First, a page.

Wednesday, May 04, 2005

Iceland! ...There's the allure, and then there's Fischer...

I'm enthralled with Iceland. I want to know the history and the literature, I want to learn the language, and I definitely want to go there. I want to spend some time there, explore the place, and really experience it.

I think a lot of it has to do with the combination of culture and civilization with rugged isolation. I have a lot of sympathy, at least geographically, for the attitude expressed by the man on the poles Arthur meets in Douglas Adams' Mostly Harmless:
'A beach house,' he said, 'doesn't even have to be on the beach. Though the best ones are. We all like to congregate,' he went on, 'at boundary conditions.'

'Where land meets water. Where earth meets air. Where body meets mind. Where space meets time. We like to be on one side, and look at the other.'

I yearn to go to islands--not (principally) the ones in the Carribean and Hawaii and such, but the semi-obscure ones, such as the Isle of Wight, the Galapogos, Easter Island, and the Falkland Islands. Iceland is foremost among all these. With the cold comes warmth (hot springs, geothermal engergy, all that). With the remoteness there is also civilization and culture--though I don't know how I'd cope with the cuisine, at least while sober. (Incidentally, I'm starting on The Sagas of the Icelanders [ has it cheaper] and am enthused--intrigued verging on fascinated.)

So I was disappointed when I read this editorial from the Washington Post [try bugmenot for the login problem], entitled the Shame of Iceland [try here if the Post archives their copy or something], which gives a bit of an idea of what a vile person Fischer is and discusses the Post's disapproval of Iceland's gift of citizenship to him, rescuing him from extradition to the U.S. to be tried for violating economic sanctions against Yugoslavia in 1992.

It's an editorial I immediately agreed with and still have a lot of sympathy for, but I can also see the side of the more supportive view in this blog post, wherein it's essentially argued that, reprehensible though he may be, Fischer probably didn't bring all that much benefit or wealth to Slobodan Milosevic, so how desperately does he need to be punished? Also supportive of Icelandic citizenship for Fischer is Charles Krauthammer, who in the April 26 issue of Time magazine says,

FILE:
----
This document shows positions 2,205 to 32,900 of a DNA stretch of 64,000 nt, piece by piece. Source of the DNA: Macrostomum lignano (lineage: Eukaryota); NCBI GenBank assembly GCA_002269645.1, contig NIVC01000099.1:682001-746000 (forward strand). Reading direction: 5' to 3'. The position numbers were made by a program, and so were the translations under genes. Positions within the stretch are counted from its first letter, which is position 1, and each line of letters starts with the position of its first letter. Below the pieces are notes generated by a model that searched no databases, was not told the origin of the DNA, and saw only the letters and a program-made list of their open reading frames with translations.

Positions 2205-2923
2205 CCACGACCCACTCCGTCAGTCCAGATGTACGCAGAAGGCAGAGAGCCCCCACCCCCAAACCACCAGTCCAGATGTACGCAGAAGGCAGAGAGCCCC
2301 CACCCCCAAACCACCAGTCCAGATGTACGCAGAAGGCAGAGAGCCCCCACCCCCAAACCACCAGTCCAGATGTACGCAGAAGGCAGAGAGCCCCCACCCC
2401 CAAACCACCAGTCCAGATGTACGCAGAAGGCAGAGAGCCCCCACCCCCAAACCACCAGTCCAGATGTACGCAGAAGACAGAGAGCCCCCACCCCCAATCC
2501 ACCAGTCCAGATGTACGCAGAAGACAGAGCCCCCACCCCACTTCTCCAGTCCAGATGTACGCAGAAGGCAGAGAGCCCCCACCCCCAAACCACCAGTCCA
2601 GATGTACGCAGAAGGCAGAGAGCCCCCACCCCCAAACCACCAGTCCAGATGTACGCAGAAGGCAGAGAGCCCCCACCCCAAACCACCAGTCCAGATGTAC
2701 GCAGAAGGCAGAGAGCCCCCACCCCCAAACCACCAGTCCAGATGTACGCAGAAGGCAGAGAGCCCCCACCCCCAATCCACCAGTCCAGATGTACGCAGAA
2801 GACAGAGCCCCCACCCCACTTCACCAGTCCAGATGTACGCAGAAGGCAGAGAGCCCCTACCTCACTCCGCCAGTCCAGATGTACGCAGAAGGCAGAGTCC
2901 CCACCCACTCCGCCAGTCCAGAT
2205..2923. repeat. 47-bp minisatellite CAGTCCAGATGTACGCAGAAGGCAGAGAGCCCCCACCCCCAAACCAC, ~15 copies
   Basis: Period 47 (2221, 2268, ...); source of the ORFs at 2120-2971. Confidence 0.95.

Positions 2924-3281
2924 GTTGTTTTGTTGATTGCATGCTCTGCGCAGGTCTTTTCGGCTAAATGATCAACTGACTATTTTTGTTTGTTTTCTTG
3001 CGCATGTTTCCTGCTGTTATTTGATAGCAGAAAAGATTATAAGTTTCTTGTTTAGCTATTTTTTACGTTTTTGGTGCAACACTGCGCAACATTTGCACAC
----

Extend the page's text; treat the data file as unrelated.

Bobby Fischer is back in Iceland, and that is as it should be. Fischer put Iceland on the map for the first time since the Vikings happened by. And Iceland put Fischer on the map, providing the venue for his greatest triumph, the 1972 world chess championship. That was before he fell off a psychic cliff.

Krauthammer also calls Iceland, "the only place that appreciates his genius enough to take pity on his madness," which I find wonderfully put but to which I think it's worth adding, "and to overlook the sanctions he violated."

Meanwhile, a more complex picture of the Icelandic people's view of Fischer's new citizenship can be found here. It's highly worth reading.

A related point in that last-mentioned article I find interesting and somewhat off-putting is the apparent contradiction between the remark by Illugi Gunnarsson, political adviser to former Prime Minister David Oddsson, that "In my opinion, the statements are wrong, but in a free society people have the right to express their opinions" (certainly true) and the law referenced in the later quote, "Public racism is not allowed in Iceland. A man was recently convicted of writing racist comments about blacks." Other Icelanders should no more be prosecuted for bigoted remarks than should Fischer. I'm not advocating racism at all, but you can't outlaw speech just because it's wrong, wretched, and contemptible and still, by Gunnarsson's principle above, call yours a fully free society.


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